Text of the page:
Business as usual for South Korea's chaebol under Park
SEOUL (REUTERS) - A Park will be back in South Korea's presidential mansion come February, and the big businesses, or chaebol, that dominate the country's economy will be breathing a sigh of relief that her left-wing challenger did not win Wednesday's presidential vote.
Victory for Ms Park Geun Hye, the 60-year old daughter of South Korea's former military ruler, in the election means the top chaebol - five of whom control assets worth 57 per cent of gross domestic product in the world's 14th largest economy - can get back to the business of making money.
Ms Park's left-wing challenger had threatened to end the complex web of shareholdings that enable families to control sprawling conglomerates like Samsung Group and Hyundai Motor.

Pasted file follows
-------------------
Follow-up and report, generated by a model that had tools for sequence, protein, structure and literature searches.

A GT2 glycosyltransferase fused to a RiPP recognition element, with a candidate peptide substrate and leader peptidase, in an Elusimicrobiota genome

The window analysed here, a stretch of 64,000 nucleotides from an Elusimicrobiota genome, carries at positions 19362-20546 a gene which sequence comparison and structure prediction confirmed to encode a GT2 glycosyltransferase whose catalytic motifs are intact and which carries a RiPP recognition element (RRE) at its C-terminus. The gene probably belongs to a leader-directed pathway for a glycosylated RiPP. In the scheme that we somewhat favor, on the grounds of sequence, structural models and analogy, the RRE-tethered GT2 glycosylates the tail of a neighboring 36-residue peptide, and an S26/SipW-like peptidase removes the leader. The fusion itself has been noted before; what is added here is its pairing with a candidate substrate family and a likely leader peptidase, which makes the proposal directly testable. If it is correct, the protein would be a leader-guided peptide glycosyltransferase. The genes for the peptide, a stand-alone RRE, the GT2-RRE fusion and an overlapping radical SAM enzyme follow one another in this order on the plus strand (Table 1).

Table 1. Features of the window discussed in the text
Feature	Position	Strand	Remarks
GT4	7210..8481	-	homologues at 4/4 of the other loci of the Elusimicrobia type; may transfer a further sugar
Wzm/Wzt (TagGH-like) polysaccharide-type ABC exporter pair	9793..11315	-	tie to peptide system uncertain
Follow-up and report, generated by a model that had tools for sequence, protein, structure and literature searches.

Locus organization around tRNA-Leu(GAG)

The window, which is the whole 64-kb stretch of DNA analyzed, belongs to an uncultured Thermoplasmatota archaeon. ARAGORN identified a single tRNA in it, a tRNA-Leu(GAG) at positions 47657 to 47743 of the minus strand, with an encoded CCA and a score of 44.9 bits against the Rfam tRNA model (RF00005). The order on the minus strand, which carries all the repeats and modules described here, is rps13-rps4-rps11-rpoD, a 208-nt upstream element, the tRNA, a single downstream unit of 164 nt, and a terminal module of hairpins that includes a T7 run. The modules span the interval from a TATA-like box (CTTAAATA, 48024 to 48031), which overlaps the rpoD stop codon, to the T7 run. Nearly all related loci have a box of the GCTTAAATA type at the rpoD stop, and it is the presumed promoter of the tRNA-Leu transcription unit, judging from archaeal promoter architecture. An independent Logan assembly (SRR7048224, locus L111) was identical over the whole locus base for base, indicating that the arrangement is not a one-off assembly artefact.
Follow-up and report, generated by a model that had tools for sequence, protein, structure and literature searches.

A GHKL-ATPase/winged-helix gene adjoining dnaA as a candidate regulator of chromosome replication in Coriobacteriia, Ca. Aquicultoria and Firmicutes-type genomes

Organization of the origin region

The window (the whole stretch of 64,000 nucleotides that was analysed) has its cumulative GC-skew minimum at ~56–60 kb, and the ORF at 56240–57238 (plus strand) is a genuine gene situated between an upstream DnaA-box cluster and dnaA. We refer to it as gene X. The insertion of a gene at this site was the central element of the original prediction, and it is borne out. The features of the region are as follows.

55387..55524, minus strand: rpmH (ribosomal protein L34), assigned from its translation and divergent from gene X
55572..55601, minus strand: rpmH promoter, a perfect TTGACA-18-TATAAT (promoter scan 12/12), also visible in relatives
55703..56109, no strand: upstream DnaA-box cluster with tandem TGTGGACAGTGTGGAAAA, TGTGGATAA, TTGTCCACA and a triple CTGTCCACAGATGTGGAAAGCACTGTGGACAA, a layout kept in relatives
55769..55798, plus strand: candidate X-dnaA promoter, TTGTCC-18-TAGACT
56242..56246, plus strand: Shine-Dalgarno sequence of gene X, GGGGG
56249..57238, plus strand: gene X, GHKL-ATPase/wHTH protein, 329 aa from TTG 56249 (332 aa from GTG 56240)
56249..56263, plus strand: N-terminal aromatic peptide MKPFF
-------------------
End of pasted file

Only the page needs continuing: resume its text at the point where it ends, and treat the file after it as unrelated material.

The election came at a sensitive time for Samsung and Hyundai as both are in the process of passing power to a third generation of their family owners, a process that left-wing candidate Moon Jae In could have complicated with an attack on their shareholdings, had he won.